However, some interviewees parented in direct opposition to the methods of their own parents. Both interviewee six and seven demonstrated this approach of oppositional parenting. Interviewee six highlighted:

“I would say that my parenting role, I did everything in my power not to be like my parent.”

While the story of interviewee seven featured a greater level of expressed emotion, the notion of oppositional parenting was clearly identifiable:

“When I come back to how do I want to define myself as a parent, it’s like the exact opposite of what they were, because I don’t want my child ever to look at me and feel ashamed of me or embarrassed of me.”

Emotional expressions were identified within the narratives particularly when adult children talked about their relationships with their own children. Adult children seeking emotional connectivity with their children and others was established as a sub-theme.

Adult children seeking emotional connectivity with their children and others

Eleven of the 13 interviewees highlighted their wishes that their children felt loved by them as parents and had a sense of belonging to those around them. Interviewee eight offered a construct about a parent’s love for their children:

“Loved them desperately and always - that love has been very close....... Security, care, all that. All the needs in life provided. Health - love first, security, care, all the general needs that a child has or the needs of the child. Love is paramount and understanding and facilitating as I said. Facilitating for them to be able to their best and be happy. Not necessarily to succeed with a PhD but to do what they can do that they feel happy about doing, have a good self-image and confidence that they can get on in the world and cope.”

Adult children universally wanted their children to have a positive sense of self. Positive communications between the adult children and their own children were seen as an important way in which the parent promoted a positive sense of self for their children. Additionally, adult children thought it was important that their children were able to express their own emotions. Interviewee nine noted a desire to provide love for their child in addition to positive hopes of own life-long emotional expression:

“I think really I just want them to feel comfortable with emotions and to be able to express them to both of us as parents. I sort of give them so much love and cuddles and I can’t get enough cuddles.”

Adult children reflected an initial positive positioning about their parenting roles. For some, their parenting roles were conceptualised as a vehicle by which they could achieve a greater sense of belonging to others. Several of the interviewees noted that they actively sought belonging to others. Several of the interviewees believed that having a child increased their ease with social interactions and ultimately, their sense of belonging. Interviewee 10 described how becoming a parent facilitated a greater sense of personal connectiveness to others:

“I feel like coming to this country I’ve been able to reinvent myself. Sort of try to lay to rest all that negativity because my mother was an extremely negative person. She never said I love you, she never said I’m sorry. I just wanted to be in this country - because I was a mother and I had a baby. Whereas it was hard for me to make friends alone, there was something that connected me to other people and so that was a great way for me to become part of this society.”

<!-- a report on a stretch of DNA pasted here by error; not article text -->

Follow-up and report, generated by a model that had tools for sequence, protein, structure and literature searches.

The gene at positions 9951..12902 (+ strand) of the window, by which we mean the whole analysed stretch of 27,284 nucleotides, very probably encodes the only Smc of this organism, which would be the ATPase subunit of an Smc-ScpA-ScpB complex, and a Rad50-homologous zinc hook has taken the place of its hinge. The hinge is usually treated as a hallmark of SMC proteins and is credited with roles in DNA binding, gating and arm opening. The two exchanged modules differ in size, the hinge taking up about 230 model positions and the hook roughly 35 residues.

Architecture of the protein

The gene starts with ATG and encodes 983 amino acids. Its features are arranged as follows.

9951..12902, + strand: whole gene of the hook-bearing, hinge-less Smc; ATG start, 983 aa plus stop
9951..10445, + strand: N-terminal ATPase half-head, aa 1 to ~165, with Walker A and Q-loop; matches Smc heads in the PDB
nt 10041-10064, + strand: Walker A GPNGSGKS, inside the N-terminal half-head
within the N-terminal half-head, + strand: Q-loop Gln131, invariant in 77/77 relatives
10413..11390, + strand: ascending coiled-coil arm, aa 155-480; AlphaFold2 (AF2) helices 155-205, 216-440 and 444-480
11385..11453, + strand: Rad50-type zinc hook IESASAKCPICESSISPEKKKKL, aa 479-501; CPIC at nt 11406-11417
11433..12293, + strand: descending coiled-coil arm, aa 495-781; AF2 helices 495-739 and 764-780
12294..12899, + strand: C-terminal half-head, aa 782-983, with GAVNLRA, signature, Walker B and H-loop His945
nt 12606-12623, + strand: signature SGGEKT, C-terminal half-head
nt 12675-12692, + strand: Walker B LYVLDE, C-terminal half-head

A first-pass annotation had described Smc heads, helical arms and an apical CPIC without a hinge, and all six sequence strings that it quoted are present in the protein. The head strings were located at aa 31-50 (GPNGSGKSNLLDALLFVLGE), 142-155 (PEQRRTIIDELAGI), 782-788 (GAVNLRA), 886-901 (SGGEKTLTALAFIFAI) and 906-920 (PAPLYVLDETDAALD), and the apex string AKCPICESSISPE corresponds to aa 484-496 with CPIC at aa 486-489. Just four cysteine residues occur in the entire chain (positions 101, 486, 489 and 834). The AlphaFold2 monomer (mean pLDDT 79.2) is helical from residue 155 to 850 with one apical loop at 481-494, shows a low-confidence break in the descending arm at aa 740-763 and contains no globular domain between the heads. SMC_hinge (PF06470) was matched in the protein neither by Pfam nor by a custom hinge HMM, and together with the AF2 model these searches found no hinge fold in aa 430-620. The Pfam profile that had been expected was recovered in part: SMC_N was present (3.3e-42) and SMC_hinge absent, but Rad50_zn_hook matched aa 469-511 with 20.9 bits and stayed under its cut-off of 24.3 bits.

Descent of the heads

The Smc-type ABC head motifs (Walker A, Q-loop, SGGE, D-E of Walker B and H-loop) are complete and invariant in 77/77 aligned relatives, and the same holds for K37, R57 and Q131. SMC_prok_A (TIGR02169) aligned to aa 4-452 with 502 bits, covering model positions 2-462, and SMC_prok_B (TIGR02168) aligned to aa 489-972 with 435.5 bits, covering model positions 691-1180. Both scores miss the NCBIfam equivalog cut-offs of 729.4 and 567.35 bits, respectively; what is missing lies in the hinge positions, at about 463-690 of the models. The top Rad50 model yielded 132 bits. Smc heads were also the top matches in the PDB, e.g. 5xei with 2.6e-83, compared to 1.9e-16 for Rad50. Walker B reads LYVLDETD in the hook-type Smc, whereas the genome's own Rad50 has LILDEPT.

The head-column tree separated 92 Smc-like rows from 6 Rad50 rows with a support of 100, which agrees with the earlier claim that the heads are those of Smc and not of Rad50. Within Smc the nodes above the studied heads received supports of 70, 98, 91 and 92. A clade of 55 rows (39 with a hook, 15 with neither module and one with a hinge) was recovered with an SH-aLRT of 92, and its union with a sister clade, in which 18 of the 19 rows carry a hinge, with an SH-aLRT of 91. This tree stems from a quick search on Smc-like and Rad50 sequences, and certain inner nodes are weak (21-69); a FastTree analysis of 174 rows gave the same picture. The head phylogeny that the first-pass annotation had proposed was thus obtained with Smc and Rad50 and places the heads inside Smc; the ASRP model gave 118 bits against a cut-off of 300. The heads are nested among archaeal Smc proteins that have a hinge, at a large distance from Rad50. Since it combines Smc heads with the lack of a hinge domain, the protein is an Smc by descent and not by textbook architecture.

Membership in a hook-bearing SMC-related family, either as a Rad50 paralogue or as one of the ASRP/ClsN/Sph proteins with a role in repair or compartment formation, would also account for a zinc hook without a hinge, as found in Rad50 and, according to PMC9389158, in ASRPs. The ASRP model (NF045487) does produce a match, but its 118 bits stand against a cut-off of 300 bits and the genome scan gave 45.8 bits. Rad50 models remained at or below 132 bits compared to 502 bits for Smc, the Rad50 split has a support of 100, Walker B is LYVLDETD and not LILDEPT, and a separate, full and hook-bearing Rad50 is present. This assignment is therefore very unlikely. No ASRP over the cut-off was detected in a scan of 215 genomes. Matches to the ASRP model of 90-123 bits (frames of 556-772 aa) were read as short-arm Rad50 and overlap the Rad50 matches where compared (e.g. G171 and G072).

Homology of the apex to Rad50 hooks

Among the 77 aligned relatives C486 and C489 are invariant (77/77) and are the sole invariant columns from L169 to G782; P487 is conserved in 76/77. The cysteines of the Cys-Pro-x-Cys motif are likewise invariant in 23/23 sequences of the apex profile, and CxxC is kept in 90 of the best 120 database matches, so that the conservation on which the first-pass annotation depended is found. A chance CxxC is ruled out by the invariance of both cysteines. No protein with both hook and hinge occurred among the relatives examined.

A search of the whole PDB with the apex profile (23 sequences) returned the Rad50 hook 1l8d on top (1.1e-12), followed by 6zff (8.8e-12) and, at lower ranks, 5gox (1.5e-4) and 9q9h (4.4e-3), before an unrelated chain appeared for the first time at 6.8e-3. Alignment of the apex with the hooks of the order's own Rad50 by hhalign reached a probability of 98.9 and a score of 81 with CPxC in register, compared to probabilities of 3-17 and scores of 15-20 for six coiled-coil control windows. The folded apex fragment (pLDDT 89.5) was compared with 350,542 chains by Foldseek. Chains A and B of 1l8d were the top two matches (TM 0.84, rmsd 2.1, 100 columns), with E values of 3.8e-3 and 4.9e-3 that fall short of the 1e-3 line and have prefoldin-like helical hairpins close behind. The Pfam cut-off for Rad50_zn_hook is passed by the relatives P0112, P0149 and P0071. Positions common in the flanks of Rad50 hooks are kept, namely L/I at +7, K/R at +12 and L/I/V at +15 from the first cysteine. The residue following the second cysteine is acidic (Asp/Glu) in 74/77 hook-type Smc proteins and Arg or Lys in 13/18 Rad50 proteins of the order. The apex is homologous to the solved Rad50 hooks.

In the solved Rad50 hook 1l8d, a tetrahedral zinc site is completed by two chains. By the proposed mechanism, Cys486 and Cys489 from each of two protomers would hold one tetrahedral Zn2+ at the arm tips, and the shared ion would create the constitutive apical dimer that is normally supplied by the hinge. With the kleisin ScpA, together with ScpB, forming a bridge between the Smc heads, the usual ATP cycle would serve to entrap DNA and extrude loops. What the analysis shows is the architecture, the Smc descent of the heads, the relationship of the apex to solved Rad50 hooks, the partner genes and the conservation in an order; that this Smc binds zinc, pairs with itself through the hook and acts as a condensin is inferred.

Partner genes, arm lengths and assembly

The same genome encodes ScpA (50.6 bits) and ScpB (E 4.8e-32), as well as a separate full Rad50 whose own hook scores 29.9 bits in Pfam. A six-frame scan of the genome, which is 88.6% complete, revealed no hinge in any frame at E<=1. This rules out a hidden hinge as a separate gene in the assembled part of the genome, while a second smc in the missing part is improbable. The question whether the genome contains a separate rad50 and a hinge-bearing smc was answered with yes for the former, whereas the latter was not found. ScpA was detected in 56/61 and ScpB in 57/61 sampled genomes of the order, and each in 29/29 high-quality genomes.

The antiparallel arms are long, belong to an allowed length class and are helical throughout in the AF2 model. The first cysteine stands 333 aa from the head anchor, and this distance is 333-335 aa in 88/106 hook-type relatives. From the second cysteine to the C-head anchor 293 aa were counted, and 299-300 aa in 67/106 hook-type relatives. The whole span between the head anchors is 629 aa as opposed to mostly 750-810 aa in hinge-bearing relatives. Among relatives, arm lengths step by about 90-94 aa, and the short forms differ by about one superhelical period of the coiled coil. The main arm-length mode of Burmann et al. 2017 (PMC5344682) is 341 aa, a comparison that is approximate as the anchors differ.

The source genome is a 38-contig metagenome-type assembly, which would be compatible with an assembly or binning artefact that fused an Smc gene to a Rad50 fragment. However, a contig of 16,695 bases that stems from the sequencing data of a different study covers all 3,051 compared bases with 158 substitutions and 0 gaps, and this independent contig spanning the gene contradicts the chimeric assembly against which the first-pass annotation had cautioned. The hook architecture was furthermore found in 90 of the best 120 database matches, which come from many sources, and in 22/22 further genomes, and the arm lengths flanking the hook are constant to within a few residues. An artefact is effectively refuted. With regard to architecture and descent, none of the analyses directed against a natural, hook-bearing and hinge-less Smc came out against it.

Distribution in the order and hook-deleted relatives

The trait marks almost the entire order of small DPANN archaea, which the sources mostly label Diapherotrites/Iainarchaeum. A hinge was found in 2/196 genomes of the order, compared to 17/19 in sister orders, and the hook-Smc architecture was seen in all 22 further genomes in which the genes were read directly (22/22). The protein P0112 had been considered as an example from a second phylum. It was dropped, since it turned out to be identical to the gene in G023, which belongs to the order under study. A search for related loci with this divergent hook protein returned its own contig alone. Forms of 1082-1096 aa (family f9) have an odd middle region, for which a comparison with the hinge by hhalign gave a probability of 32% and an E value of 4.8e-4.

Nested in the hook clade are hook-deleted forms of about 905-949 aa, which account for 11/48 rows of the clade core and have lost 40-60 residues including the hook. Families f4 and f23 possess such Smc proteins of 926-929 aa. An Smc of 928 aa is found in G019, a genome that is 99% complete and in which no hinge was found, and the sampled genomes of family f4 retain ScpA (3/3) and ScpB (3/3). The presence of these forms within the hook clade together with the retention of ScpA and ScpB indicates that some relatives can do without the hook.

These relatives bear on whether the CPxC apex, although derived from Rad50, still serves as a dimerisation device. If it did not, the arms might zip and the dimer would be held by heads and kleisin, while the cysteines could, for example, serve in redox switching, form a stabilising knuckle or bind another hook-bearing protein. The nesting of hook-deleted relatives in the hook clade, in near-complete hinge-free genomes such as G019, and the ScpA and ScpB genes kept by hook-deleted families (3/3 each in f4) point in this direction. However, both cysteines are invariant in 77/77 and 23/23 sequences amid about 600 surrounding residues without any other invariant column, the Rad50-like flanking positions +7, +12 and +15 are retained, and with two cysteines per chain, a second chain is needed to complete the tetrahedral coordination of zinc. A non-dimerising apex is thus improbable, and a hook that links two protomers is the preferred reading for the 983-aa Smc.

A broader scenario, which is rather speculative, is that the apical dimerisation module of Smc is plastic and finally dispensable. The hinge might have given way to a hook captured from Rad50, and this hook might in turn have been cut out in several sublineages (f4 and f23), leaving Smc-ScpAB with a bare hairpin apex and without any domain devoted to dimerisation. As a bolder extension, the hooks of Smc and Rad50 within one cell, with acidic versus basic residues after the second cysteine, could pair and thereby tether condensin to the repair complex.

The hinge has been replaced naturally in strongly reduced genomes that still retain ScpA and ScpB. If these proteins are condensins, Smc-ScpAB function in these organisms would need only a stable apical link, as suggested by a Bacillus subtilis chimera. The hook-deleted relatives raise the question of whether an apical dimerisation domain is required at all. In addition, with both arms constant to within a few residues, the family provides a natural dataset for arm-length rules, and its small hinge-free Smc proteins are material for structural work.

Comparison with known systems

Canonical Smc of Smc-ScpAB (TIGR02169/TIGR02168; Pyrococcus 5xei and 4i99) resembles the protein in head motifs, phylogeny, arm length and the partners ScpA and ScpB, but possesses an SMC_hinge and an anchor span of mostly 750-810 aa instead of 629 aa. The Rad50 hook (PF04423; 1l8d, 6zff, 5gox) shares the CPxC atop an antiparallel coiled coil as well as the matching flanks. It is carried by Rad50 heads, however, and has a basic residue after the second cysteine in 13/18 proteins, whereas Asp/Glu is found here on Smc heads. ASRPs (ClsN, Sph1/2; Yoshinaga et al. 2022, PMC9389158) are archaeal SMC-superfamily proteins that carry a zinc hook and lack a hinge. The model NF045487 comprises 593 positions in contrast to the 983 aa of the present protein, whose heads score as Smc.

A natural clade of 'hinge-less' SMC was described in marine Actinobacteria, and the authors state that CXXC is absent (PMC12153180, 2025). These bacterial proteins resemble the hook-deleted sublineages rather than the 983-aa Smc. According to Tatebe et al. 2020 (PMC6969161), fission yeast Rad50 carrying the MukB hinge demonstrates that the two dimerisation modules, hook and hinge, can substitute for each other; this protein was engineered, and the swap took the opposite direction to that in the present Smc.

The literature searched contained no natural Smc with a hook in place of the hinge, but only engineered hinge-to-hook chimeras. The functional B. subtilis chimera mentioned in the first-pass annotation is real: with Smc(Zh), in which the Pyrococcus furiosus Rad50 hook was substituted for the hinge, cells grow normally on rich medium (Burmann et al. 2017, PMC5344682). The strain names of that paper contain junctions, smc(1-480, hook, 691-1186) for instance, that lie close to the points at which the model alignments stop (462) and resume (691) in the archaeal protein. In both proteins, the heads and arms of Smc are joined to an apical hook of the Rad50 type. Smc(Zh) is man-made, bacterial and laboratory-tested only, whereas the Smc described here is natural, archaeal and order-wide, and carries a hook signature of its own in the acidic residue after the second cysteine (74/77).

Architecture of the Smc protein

Other narratives highlighted that adult children established a greater sense of self-worth from their parenting roles. Positive comments offered by their children about the adult children, noting their children’s achievements or highlighting the positive attributes of their child / children all contributed to their increasing self-worth, as interviewee 10 made reference to:

“I’m very open with my children, I’m overly loving to them. I treat my children with respect and all these things I show, I get back from them as well. We’ve got a really nice balanced, respectful relationship.”

Interviewee 11 highlighted comments from the children which provided positive support.

“My son always says that I’m the best parent ever, the best mother ever. I suppose when he sees his friends’ mothers - because I suppose I’m upbeat with the kids, but sometimes I think maybe that’s just an act. Sometimes I feel a bit more miserable, and it’s like oh, don’t cotton on, you’re miserable, that sort of thing, maybe.”

Comments from the children positively challenged interviewee 11’s self- beliefs of “I’m boring, I’m daggy”. The narrative further highlighted a common discourse that was used by adult children of parents with mental illness surrounding their parenting role. Many interviewees made reference to their parenting in terms of their individual capacity. Positive judgements such as “good”, “success”, “best” and “good” were common place within the narratives. The findings strongly suggested that the adult children’s positioning of parenting was framed within a socially constructed notion of parenting at polarised positions of ‘good’ and ‘bad’.


Adult children in this study reported ongoing anxieties within their parenting roles, regardless of the age of their children suggesting a longitudinal nature to their experiences. The study sought interviewees who had not had any past contact with mental health services or past / current mental health treatments. However, the study did not seek details of possible pre-existing anxiety or other mental health concerns. Given this, interviewee anxiety may be a pre-existing experience prior to becoming a parent. An earlier study [5] found that children sought greater information about their parent’s experiences of mental illness. Previously reported findings from the study with adult children presented in this paper, identified similar findings that children had difficulties accessing information about their parent’s illness due to stigma, which generated fear and mistrust of family and others [14, 15]. Given this, parenting anxiety noted with adult children in this study may be longer standing from their own childhood, as opposed to explicitly related to parenting. Additionally, Petrowski and Stein, [9] noted parentification with an increased sense of care giving and responsibility for both children and adult children of parents with mental illness. This could be a worthy explanation to consider in light of findings which suggested parenting anxieties. The increased sense of responsibility may continue into adulthood, into one’s own parenting role, generating a greater intensity of anxiety.